The United Nations will continue to play its mandated role and work with the Government of Ethiopia and with local and international partners to support millions of people in need of humanitarian assistance in Tigray, Amhara and Afar, and across the country, in full accordance with the United Nations Charter and General Assembly resolution 46/182.
I now call on the Ethiopian authorities to allow us to do this without hindrance and to facilitate and enable our work with the urgency that this situation demands. This means ensuring that visas for incoming personnel, from United Nations entities and from our partners, are issued quickly so that we can augment our capacity.
The delays we have witnessed in the recent past are another obstacle to effective humanitarian aid. It also means that personnel inside the country are treated with dignity and respect as they carry out their vital work.
Our focus remains on ensuring humanitarian assistance to every Ethiopian who needs it. We must save lives and restore livelihoods.
I urge the Government to allow the unrestricted movement of desperately needed fuel, cash, communications equipment and humanitarian supplies into all the regions in need. I appeal to all members of the Security Council to do all they can to support these calls and to unify behind the efforts of the United Nations and its partners in Ethiopia.
Last August, in this Council, I called for action on several fronts. As I said then, and I quote: “All parties must immediately end hostilities without preconditions and seize that opportunity to negotiate a lasting ceasefire. Foreign forces should leave the country. Unrestricted humanitarian access to all areas in need must be guaranteed and humanitarian workers must be respected. Public services must be re‑established.” This appeal is even more pressing today. Any further escalation of the conflict would only make the situation more tragic.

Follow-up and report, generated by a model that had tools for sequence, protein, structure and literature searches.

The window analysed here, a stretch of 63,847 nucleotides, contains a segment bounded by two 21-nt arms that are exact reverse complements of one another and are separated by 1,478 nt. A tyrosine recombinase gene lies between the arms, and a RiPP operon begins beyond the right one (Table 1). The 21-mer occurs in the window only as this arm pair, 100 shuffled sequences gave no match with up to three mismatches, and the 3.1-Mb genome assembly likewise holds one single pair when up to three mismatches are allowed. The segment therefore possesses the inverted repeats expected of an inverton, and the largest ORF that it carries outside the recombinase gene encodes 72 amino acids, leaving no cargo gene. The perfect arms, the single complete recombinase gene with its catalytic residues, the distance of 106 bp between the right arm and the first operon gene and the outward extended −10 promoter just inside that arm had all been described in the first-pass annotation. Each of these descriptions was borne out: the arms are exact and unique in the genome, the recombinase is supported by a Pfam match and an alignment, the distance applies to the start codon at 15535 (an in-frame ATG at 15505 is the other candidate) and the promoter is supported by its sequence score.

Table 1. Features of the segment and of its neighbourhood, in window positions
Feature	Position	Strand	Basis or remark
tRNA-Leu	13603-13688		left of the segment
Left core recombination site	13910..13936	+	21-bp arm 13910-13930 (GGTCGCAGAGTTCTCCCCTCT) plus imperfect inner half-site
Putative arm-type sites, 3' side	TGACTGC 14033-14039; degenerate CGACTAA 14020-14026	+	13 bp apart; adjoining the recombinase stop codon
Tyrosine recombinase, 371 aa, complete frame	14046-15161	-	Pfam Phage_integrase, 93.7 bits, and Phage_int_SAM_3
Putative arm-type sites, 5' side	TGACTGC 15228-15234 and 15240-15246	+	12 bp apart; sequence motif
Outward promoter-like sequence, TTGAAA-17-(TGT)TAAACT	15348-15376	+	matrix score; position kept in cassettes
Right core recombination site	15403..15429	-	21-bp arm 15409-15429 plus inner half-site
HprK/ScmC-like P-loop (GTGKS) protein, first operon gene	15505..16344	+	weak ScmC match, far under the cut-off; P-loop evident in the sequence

Important political events have taken place in Ethiopia since my last Security Council briefing in August. Just two days ago, a new Government of Ethiopia, led by Prime Minister Abiy Ahmed, was inaugurated.
The mandate conferred by the election carries a responsibility – a responsibility to unite all Ethiopians. To focus on the future. To return Ethiopia to its place as a strong, unified, stable leader among the nations of the world. I encourage the newly inaugurated Government to use this mandate and work with renewed determination to be a Government for all.
I welcome the Prime Minister’s inauguration remarks prioritizing an inclusive political dialogue involving all segments of the community to resolve the ongoing challenges facing the country. I also note the many messages from African Heads of State emphasizing the need for harmony, national unity, development and peace.
I urge all sides to grasp the peace initiative from the African Union and its High Representative for the Horn of Africa, Olusegun Obasanjo.
Without peace, the challenges facing Ethiopia will intensify and further destabilize the broader Horn of Africa region and beyond. We have an obligation to avoid such a dire outcome at all costs.
Dialogue is the foundation for peace. Peace is the foundation for a stable and prosperous future. Let us all work to help secure that future for all Ethiopians and for the peoples of the region.